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Homily (Reflection) for the Memorial of Saint John Bosco, P., (31st January, 2020) on the Gospel and the Memorial
(Friday of the Third Week in Ordinary Time (II))
 
2Sam 11:1-10.13-17;
Ps 50:3-7.10-11 (R. cf. v.3);
Mk 4:26-34.

Saint John Bosco, also known as Giovanni Melchiorre Bosco and Don Bosco (16th August, 1815 – 31st January, 1888) was born in Becchi, Italy. He lost his father at the age of two, leaving him and his two elder brothers to be raised by his mother, Margherita. John was very devout. He later discerned the call to become a priest which requires education, something he lacked because of poverty. He was only 12 when he left home and laboured for two years in a vineyard before he met Jospeh Cafasso, a priest who helped him. He entered the seminary in 1835 and was ordained a priest in 1841. The large number of boys, between the ages of 12 and 18 he saw in deplorable conditions in the prison moved him to do more to help other boys from ending up there. He went into the streets and started to meet young men and boys where they worked and played. He used his talents as a performer, doing tricks to capture attention, then sharing with the children his message for the day. Fr Bosco worked tirelessly seeking work for boys who needed it, and lodgings for others. He fought for the rights for boys who were employed as apprentices and also encouraged those he thought would make good priests to consider a vocation to the priesthood. He established the Society of St. Francis de Sales in 1859 to carry on his charitable work, helping boys with their faith formation and to stay out of trouble. The call for his canonization came immediately after his death. Pope Pius XI declared him a blessed on 2nd June, 1929 and also canonized him on 1st April, 1934 (Easter Sunday). He was given the title, “Father and Teacher of Youth.” Saint John Bosco is the patron saint of apprentices, editors and publishers, schoolchildren, magicians, and juvenile delinquents.[1]
Topic: You are holding lots of keys.
Often we complain that things are not going the way they should. Many never thought of what they can do to get them go the right way. Even when one’s attention ever goes to that direction either on its own or through another person it is easily dropped thinking that such do not and might never count.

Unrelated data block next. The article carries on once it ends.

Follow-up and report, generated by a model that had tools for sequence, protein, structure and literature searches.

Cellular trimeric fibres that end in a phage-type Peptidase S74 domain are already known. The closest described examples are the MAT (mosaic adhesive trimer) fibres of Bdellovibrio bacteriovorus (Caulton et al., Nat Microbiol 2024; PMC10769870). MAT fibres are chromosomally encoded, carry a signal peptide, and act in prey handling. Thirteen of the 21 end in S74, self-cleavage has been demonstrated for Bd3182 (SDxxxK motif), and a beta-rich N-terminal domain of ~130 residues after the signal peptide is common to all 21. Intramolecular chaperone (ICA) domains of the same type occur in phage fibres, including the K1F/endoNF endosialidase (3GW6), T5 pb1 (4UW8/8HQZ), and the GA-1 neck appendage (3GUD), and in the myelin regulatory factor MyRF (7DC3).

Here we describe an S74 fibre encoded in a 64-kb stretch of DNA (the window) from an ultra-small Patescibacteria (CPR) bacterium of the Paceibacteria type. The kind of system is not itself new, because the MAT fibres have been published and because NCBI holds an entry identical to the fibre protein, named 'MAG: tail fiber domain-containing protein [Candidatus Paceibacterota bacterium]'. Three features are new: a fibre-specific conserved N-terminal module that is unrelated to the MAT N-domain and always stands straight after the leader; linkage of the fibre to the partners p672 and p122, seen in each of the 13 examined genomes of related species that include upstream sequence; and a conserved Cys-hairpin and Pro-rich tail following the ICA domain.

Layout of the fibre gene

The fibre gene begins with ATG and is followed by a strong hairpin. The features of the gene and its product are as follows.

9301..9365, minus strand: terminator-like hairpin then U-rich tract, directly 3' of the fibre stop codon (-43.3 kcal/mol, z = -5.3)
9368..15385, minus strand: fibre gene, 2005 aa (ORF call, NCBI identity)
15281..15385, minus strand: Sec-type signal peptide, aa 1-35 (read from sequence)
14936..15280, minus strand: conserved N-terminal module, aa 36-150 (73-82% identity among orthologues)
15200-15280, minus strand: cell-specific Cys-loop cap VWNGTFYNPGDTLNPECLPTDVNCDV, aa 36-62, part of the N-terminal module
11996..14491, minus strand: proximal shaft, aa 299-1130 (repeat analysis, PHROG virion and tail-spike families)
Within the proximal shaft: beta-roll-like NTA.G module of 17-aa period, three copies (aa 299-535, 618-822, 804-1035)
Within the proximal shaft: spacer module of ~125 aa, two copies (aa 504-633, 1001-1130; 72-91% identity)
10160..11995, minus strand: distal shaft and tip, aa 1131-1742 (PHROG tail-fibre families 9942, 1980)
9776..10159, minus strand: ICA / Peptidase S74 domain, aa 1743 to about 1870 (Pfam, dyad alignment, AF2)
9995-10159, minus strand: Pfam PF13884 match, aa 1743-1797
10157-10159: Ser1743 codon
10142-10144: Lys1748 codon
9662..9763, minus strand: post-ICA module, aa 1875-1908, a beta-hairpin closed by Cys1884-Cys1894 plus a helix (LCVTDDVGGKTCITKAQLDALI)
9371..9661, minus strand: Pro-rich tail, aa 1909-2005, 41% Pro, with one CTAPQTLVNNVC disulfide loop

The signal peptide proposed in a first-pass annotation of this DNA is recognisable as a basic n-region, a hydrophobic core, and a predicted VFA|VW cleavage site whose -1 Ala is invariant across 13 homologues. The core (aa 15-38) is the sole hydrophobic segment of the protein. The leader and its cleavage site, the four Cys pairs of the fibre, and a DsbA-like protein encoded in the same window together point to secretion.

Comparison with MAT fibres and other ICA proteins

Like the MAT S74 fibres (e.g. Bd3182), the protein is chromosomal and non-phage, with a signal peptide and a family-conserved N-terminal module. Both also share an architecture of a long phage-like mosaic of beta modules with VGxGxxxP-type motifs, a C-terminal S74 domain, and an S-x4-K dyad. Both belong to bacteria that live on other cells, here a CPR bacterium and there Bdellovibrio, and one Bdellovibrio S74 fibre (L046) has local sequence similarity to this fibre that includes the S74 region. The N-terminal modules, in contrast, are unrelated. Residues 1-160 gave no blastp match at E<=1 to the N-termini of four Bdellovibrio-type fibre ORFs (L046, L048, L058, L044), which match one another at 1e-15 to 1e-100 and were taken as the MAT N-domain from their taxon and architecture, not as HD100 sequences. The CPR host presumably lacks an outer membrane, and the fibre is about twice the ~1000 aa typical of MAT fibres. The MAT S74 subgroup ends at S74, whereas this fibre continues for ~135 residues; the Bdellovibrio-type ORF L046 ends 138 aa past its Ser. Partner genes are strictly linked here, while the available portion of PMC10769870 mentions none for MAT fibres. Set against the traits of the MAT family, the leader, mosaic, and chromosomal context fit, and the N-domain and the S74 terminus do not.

Today’s gospel has two parables. In the parable of the growing seed, Jesus compares the kingdom of God with the man who scattered the seed on the ground and without knowing how the seed would sprout and grow. The earth plays its part of making the seed produce grains the man will harvest. And in the second parable, He compares the kingdom of God with a mustard seed which is the smallest of all the seeds on earth but when sown it turns into the greatest of all shrubs. It ends up growing branches the birds can make nests in its shade.
It is unfortunate that many prefer to be defeatists contrary to the fact that we are made to be more than conquerors through him who loved us, cf. Rom 8:37. The seed would not have produced grains if the man did not scatter. In the same vein, the mustard seed would have remained the smallest of all the seeds on earth if not sown. The scattering of the seed and the sowing of the mustard seed were actually the keys that opened doors to greater things.
Dear child of God, as we are blessed with yet a new day, think of the seeds God has given to you. Do not neglect any. Put out your hand and sow/scatter them. That will certainly start a serious chain reaction. I therefore remind you and myself, we are holding lots of keys to unlock so many doors for the good of all. Saint John Bosco we celebrate today realised this fact and used the keys very well.
Bible Reading: 1Cor 12:4-30.
Thought for today: God has given you enormous power for good.
Let us pray: Lord, help us bring the needed change in the world by doing our part – Amen.
Saint John Bosco – Pray for us.
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